Would your insurance or the car maker pay if, while using the park assist, it messed up and hit one of the cars you’re attempting to park between? – Bill and Evelyn in Bonnyville, Alta.
With the anticipated arrival of self-driving vehicles in the next decade, questions of accountability and responsibility do arise.
What happens from an insurance perspective if your car’s automatic parking system fails and you collide with another vehicle?
“Right now, from an insurance perspective, the bottom line is that with all driving situations the driver is responsible for the operation of their vehicle,” says Dave Minor, vice-president at TD Insurance.
“A good case to go by is cruise control, a driver-assisted technology that’s been around for some time. Even though most cars now come equipped with cruise control, which people can use to assist in their driving and make their driving more comfortable or effective, at the same time the driver is still ultimately responsible for the car,” says Minor.
“You are still accountable for the operation of the vehicle even if you’re using some kind of technology assistance, and so you have to pay full attention at all times. Cruise control is a great example. If suddenly traffic is starting to slow down, obviously you have to either turn your cruise control off or tap your brakes, which will turn it off and slow you down, as opposed to just letting the car continue to travel at the same speed and banging into the car in front of you. It would be hard to explain to the police officer or judge that you saw traffic stopping in front of you but your cruise control was on and there was nothing you could do about it,” says Minor.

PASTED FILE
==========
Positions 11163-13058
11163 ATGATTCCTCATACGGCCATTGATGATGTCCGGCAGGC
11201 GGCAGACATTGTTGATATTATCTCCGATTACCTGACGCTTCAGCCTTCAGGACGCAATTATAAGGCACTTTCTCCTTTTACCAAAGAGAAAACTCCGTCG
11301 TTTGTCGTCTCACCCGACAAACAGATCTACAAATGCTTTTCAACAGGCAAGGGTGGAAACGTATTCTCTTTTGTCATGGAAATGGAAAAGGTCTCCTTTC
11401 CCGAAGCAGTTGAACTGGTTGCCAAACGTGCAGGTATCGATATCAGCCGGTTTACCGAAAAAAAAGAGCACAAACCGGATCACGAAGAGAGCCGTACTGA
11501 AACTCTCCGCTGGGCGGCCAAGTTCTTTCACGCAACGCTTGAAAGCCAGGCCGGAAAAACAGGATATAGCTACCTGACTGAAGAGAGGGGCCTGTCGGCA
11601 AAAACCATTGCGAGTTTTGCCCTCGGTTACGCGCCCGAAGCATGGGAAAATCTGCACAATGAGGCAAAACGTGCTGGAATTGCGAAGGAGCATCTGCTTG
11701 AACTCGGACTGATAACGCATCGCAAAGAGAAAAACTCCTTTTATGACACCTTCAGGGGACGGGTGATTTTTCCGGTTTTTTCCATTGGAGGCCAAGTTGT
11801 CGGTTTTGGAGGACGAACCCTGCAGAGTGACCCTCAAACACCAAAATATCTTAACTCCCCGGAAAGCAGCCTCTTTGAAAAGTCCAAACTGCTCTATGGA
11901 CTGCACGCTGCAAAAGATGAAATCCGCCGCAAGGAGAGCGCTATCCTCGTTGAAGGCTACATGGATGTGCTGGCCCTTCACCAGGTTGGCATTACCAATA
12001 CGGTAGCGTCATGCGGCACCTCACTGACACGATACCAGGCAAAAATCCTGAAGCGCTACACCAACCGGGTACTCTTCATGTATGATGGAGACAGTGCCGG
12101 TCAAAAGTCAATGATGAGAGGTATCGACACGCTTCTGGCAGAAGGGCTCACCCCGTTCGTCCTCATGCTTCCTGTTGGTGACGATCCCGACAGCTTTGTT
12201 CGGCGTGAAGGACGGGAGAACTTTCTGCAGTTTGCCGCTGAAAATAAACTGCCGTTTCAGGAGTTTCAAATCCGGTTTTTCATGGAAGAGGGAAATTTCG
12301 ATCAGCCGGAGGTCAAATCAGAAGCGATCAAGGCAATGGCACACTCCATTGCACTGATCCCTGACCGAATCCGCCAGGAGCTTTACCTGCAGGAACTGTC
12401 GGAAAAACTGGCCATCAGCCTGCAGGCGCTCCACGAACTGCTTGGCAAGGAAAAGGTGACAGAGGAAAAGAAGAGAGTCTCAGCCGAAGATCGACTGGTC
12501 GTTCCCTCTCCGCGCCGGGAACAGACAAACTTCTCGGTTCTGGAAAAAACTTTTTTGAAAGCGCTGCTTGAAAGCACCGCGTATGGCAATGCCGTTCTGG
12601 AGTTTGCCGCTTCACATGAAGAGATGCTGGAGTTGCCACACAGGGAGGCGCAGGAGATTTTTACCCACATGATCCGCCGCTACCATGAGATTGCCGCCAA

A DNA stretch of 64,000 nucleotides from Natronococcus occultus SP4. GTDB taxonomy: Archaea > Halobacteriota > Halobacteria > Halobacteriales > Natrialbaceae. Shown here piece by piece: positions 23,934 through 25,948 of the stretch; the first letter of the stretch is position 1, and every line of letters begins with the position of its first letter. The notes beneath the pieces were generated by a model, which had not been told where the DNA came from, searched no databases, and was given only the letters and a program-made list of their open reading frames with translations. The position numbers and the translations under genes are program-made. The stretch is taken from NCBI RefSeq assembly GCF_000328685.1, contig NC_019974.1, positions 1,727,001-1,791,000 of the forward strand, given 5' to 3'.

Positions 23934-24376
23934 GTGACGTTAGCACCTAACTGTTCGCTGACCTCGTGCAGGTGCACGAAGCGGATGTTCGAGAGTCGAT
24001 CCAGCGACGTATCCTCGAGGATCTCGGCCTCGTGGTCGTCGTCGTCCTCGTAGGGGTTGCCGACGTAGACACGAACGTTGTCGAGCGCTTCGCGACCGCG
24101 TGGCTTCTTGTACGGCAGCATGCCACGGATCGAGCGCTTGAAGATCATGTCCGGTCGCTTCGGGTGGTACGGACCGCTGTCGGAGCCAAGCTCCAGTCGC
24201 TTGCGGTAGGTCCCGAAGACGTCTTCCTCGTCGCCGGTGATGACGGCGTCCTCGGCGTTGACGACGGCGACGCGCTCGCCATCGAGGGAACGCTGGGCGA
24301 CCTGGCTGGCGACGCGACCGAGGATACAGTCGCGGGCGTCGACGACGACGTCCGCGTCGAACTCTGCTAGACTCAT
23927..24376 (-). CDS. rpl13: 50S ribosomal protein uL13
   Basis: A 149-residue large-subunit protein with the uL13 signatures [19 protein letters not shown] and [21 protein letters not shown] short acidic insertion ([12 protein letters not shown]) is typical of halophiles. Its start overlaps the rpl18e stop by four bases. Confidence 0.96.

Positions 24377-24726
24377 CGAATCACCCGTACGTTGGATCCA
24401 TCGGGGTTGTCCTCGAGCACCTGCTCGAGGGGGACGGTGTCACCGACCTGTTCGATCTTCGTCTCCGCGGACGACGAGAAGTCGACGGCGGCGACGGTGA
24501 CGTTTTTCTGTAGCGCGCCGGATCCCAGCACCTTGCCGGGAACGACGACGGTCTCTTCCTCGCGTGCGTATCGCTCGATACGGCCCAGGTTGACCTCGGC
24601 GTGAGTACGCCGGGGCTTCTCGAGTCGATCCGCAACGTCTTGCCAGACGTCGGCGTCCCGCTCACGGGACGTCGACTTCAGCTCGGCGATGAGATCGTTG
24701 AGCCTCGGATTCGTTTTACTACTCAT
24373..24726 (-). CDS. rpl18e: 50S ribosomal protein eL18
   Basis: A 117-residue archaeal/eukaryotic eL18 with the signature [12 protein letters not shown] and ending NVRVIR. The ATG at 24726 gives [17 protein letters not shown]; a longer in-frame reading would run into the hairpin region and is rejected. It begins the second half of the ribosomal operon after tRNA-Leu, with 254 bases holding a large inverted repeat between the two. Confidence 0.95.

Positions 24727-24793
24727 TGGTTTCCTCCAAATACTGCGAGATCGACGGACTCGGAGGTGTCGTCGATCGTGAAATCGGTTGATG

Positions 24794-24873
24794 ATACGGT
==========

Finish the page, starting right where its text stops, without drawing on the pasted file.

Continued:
Driver-override is provided with the automatic parking feature, as it is with cruise control and other driver-assisted technology. When the steering wheel or brake pedal is touched or the vehicle exceeds a certain speed, automatic parking will disengage.
“With driver-assisted parking, again it’s the driver’s responsibility to make sure that car is under control, and that they’ve got adequate space. If they were to get into an accident while using driver-assisted technology – which luckily would probably just be a fender-bender in that case – it’s still going to be that driver’s responsibility,” says Minor.
We’re all aware, however, that manufacturers can make mistakes. Recalls do occur from time to time. What if there was a defect in your vehicle? While proving the error may be difficult, as long as you have adequate insurance, your claim will be covered.
Alberta, like Ontario, operates under a no-fault system, meaning that regardless of fault, your insurance company will cover your claim.
“Nothing would preclude the manufacturer from jumping in and being able to make restitution not only to their client’s vehicle, but the other party’s vehicle,” says Bryan Yetman, vice-president of operations for Pickering’s First Durham Insurance and past president of the Insurance Brokers Association of Ontario. “But practically speaking, if that were to happen, you would still make a claim under your insurance policy. In an instance where there’s a vehicle malfunction, I would counsel my customers you can feel confident that your insurance company would still pay the claim even if it’s blatantly the fault of the manufacturer, provided you have collision coverage – that’s the fine print.”
Confirming the presence of a defect typically involves more than an isolated occurrence. In some cases, insurance companies play a role.
“If, within their database, they see a disproportionate number of claims from tires, rollovers, or slow-speed collisions occurring when people are stepping on their brakes or something, insurers will work with the manufacturers to uncover if in fact there is a defect or fault within their vehicles,” says Pete Karageorgos of the Insurance Bureau of Canada.
With automatic parking – and all driver-assisted technology – you must be ready to step in if something goes wrong. Provided you have collision coverage, insurance will cover a claim whether it’s the result of a manufacturing defect or driver error.